Conventional Loan

A conventional mortgage refers to any loan that is not insured or guaranteed by the federal government. They differ from government-insured loan options such as a Federal Housing Administration (FHA) Loan, US Department of Veteran Affairs (VA) Loan, or a US Department of Agriculture (USDA) Loan options. It’s typical for conventional loans to have slightly higher down payments than their government-insured counterparts. However, conventional mortgage loans normally provide more flexibility with fewer restrictions on the borrower.

Some of the key advantages to a reverse mortgage include:

The ability to receive money from your home equity that is usually tax-free.*

Payments are made to you from your accumulated property equity, which may enhance and extend your retirement. You have options on how to receive this money: lump sum, line of credit, or monthly payments. Please note that a line of credit may allow you to pay down the line if you want to have less cash and an increase in equity.

The opportunity to delay Social Security payments and increase monthly income.*

Reverse mortgages can allow you to delay taking money out of your IRA and avoid penalties and/or taxes because the proceeds do not count toward your income. If you haven’t drawn from your Social Security account yet, you should consider discussing this option with a tax advisor or financial planner.

The assurance that you never owe more than the home is worth.⁺

When you move out of the home (whether by selling or death), neither your estate or its heirs are responsible to pay a deficit on the balance owed if your mortgage exceeds the value of your home. If your heirs choose to keep the home, they can purchase it for 95% of the currently appraised value.

The chance to bridge the Medicare gap from 62 to 65.

Some borrowers feel the need to delay retirement until age 65 because they cannot afford their own health insurance before Medicare kicks in. But a reverse mortgage can help you avoid paying income tax on money drawn from your IRA or other accounts to help you keep your retirement plan in place without diminishing your current assets.*

The opportunity to eliminate monthly mortgage payments.

Reverse mortgages remove the requirement that you pay monthly payments during your lifetime as long as you live in your home, pay taxes and insurance, and maintain the home by paying HOA fees, if applicable.

The ability to pay for long-term care expenses.

A reverse mortgage may provide proceeds which can be used to purchase expensive but necessary long-term care insurance without losing your home in the process.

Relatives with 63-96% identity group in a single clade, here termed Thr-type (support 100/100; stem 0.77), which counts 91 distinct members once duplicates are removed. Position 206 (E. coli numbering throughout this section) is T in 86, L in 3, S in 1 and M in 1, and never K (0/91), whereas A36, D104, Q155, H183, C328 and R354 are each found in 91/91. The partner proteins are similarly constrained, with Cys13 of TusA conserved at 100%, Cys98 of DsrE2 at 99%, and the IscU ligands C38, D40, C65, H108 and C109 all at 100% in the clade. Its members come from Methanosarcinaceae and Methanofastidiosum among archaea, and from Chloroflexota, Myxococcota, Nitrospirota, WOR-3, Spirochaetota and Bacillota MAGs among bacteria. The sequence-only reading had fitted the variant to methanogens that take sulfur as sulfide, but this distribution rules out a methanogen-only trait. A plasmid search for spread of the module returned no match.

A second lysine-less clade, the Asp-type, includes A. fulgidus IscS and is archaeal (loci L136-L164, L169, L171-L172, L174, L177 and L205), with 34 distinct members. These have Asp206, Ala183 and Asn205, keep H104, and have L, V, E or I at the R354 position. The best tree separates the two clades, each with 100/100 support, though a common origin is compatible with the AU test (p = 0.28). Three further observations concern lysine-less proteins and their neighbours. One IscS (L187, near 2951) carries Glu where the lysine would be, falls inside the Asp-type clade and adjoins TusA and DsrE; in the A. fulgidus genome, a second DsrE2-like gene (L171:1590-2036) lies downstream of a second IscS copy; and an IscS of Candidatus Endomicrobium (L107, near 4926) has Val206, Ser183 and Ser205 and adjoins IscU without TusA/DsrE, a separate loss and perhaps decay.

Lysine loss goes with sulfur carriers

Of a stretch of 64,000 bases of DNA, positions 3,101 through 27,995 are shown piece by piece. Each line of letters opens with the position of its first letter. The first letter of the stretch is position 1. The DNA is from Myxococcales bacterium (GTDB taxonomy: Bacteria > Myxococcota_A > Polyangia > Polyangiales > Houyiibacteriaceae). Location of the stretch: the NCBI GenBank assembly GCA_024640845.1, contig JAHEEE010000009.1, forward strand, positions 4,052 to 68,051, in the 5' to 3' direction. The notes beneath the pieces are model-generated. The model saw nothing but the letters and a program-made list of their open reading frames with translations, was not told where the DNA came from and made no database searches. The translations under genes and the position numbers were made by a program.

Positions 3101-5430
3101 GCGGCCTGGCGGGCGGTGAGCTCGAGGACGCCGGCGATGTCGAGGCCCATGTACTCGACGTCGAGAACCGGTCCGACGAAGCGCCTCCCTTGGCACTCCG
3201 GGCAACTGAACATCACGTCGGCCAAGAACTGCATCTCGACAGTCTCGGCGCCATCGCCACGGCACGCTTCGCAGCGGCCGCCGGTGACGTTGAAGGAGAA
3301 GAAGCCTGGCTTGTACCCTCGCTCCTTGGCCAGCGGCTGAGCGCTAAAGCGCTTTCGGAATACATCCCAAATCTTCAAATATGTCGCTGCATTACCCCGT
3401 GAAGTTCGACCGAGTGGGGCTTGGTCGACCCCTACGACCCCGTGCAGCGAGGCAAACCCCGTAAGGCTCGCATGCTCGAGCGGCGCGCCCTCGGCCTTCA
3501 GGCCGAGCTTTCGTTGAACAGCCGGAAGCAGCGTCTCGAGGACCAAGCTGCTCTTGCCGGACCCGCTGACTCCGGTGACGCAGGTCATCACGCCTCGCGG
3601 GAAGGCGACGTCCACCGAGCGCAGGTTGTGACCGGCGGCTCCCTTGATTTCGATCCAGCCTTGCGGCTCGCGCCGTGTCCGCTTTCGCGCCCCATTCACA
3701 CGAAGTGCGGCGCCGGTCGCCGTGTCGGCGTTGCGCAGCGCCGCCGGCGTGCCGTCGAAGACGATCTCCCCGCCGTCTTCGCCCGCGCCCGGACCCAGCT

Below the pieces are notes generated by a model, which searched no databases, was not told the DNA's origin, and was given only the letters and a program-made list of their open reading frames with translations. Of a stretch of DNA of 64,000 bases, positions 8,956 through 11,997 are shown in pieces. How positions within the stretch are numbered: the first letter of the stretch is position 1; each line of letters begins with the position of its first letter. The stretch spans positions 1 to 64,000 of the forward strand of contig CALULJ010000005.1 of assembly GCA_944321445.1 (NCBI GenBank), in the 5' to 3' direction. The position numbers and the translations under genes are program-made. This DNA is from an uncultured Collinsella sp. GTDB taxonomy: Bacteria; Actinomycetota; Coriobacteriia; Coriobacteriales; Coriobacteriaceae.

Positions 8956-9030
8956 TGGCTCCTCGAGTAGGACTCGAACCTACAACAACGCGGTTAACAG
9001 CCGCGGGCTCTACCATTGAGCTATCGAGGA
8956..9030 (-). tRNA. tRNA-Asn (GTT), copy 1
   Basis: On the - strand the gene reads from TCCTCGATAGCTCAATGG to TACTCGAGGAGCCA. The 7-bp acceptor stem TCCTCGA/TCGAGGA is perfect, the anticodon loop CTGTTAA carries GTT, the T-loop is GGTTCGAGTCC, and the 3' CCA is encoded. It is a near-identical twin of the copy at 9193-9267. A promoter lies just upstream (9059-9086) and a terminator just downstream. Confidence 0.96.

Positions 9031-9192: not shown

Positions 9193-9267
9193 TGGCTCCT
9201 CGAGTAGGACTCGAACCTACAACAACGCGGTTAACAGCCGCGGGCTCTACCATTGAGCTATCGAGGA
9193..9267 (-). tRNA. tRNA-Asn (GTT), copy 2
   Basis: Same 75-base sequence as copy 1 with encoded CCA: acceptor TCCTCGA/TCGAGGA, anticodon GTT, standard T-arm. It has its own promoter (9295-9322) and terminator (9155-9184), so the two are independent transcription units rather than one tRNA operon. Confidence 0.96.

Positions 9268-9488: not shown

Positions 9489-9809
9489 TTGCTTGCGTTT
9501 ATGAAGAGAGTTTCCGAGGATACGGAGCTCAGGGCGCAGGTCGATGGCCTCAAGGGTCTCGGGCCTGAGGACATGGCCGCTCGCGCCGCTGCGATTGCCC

If you have good credit and stable income, conventional loans might be the best option for you as they offer:

  • Lower interest rates for borrowers with good credit
  • Flexible loan terms
  • Flexible mortgage insurance options
  • Fewer penalties and fees

If a conventional loan is right for you, there are a few programs to choose from

Fixed-Rate Mortgage

An adjustable-rate mortgage (ARM) is one with interests rates that change periodically after the initial fixed-rate period. This means that your monthly loan payments are susceptible to increases and decreases based on market changes. An ARM might be the right choice for you if you only plan on staying in your home a few years, are anticipating an increase in your salary, or cannot afford the current interest on fixed-rate mortgages.

Adjustable-Rate Mortgage

A fixed-rate mortgage is one where the interest rate remains the same over the life of the loan. Additionally, you can select different terms, or lengths, of the loan (10, 15, 20, 25, or 30-year term). These fixed-rate loans have higher monthly payments, but this also means you build equity in your home faster than you would otherwise. This equity can be used as a down payment for your next home or a cash-out refinance. If you have plans to be in your home for a longer period of time, a fixed-rate mortgage might be the right solution for you.

Jumbo Mortgage

A jumbo loan (also known as a non-conforming mortgage) allows borrowers to purchase more expensive properties with loan amounts above the limit for conforming mortgages set by the Federal Housing Finance Agency. For most of the country, the limit on a conforming conventional is around $453,100. A jumbo loan might be the right solution for borrowers who don’t have sufficient funds to bring the loan amount under the conforming limit but who do have low debt-to-income ratios (DTI) and high credit scores.

If you are interested in a conventional loan, contact our local branch location in your area.